|Advice on writing a C compiler email@example.com (1995-08-09)|
|Re: Advice on writing a C compiler firstname.lastname@example.org (1995-08-11)|
|From:||email@example.com (Nik Shaylor)|
|Keywords:||C, question, architecture|
|Date:||Wed, 9 Aug 1995 00:33:42 GMT|
I need to write a C compiler for an embedded microprocessor that has
been developed where I work. I would be most grateful for any advice
about how I should go about this. I have extensive experience in
computing, and have written a few simple compilers, but nothing that
could do the register optimisation that I am looking for here, I do
need good compiler.
I have taken a look at the GNU C++ compiler, which might be a good
place to start, but I don't yet know it well enough to tell if it
would be appropriate for the machine architecture we have. I will
describe it a little here, but I cannot go into too much detail for
reasons of confidentially.
The microprocessor has a 32 bit address and data bus, a 16 bit ALU
and 12 general registers. Four of the registers are 32 bits wide, and
the other 8 are 16 bits, but can be used in pairs to form a single 32
bit register. Addresses are normally formed using a 32 bit register,
but the first 64K can also be addressed using a 16 bit register. This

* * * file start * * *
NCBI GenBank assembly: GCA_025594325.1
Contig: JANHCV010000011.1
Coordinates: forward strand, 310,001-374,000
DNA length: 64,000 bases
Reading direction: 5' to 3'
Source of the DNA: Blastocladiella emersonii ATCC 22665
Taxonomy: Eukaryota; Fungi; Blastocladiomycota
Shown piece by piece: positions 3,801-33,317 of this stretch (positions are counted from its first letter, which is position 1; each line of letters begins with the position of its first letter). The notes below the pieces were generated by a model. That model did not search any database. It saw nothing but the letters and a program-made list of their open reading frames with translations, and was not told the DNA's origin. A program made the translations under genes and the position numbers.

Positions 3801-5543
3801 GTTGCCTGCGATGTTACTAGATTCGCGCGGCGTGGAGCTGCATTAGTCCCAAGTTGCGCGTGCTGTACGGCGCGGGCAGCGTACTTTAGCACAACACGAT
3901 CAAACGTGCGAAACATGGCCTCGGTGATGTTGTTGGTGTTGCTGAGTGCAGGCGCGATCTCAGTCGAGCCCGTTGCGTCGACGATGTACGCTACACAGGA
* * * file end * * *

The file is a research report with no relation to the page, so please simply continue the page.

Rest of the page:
might give pointer a "near" or "far" feel like the x86.
Normally only 32 bit and 16 bit values can be loaded or stored to
memory. Bytes can be accessed only through two of the 16 bit
registers which have a byte mode when loaded or stored. Loads and
stores can be indexed, or can auto increment/decrement the address
register before or after the operation. All loads and stores can only
be performed at an address that is aligned with their size.
Although the ALU is only 16 bits wide it can perform 32 bit
operations by taking an extra cycle, this happens transparently. For
this reason I feel that the C int should be 16 bits. All the normal
instructions are present plus a few extra ones.
All the instructions are either 16 or 32 bits long and they must
placed at even machine addresses. There are the normal 4 condition
codes and 16 branch types.
Thank you for your kind attention,
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